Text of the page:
Methylcyclopentadienyl manganese tricarbonyl (MMT) is used as an octane-enhancing metallic additive for unleaded gasoline which can prevent engine knock by proactive reaction with the hydrocarbon free radicals before starting the auto-ignition of hydrocarbons. However it has been pointed out that MMT causes automotive catalysts clogging and spark plug severely fouling. Therefore, many countries have fuel standards that prohibit or limit the usage of MMT. Nevertheless, some countries still use MMT as there are no restrictions imposed by fuel standards. As mentioned in several papers, metallic additives of engine oil such as calcium cause an abnormal combustion phenomenon called low-speed pre-ignition (LSPI) in turbocharged spark ignition engines. In contrast, the effect of metallic additives of gasoline such as MMT on LSPI has not been studied.
Technical Paper

Study of a Two-Degree-of-Freedom Exhaust System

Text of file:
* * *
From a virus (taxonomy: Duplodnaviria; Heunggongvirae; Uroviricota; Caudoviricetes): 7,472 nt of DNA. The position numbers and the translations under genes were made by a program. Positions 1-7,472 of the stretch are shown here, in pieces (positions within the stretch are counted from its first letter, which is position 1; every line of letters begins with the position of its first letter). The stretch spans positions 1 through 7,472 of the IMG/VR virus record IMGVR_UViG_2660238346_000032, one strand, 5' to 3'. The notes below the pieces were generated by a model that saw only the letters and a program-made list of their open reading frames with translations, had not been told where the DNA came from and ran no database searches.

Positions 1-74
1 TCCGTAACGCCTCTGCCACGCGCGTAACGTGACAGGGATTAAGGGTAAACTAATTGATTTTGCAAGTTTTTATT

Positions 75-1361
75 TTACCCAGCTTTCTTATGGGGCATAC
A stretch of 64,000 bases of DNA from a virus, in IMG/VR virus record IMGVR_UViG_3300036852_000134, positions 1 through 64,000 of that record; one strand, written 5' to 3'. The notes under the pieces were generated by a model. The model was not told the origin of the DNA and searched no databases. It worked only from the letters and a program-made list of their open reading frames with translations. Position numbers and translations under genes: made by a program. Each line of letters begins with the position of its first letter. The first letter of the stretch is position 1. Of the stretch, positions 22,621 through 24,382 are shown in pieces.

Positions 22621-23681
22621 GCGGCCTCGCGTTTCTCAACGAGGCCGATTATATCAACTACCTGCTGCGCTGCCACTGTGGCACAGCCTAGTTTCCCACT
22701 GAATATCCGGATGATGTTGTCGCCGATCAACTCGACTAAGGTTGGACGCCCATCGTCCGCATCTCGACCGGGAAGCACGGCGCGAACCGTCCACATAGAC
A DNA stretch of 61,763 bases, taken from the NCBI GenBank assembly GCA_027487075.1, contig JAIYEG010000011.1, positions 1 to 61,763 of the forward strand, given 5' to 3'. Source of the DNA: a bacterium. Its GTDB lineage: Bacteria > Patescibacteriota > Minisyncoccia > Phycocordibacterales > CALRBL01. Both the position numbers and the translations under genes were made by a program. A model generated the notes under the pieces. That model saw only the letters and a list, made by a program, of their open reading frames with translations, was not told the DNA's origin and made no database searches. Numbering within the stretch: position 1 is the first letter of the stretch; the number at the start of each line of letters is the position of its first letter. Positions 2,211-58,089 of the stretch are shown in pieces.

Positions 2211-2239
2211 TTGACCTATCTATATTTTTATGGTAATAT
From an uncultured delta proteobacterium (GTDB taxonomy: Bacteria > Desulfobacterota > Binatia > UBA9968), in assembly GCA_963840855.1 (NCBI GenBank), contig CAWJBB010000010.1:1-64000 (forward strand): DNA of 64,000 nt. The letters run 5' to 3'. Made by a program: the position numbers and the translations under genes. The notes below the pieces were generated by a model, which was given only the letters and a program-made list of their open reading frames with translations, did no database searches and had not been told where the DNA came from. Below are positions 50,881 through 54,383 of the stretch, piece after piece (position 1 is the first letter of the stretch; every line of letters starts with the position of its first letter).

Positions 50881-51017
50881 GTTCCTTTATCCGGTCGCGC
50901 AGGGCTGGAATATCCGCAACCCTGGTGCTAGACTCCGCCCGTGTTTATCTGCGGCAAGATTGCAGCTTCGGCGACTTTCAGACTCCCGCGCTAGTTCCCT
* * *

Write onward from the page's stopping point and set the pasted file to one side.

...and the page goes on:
1990-02-01
900164
An investigation was conducted into pressure pulsation in the exhaust port, which greatly affects volumetric efficiency and engine performance. From experiments using a single blow-down generator, it was established that the amplitude of the pressure pulsation increases as the manifold branch is lengthened and that large negative pressure synchronized with the timing of valve overlap can be obtained if a proper branch length is used. The performance of a 2ℓ test engine was optimized by varying the length of both the manifold branches and front pipe forks. It was found that whereas front pipe fork length affects engine performance over only a narrow range of engine speed, optimizing manifold branch length results in a considerable improvement over a wide engine speed range. In the course of optimizing the exhaust pipe manifold length of this two-degree-of-freedom exhaust system, abnormal exhaust noises were emitted at specific engine speeds during deceleration.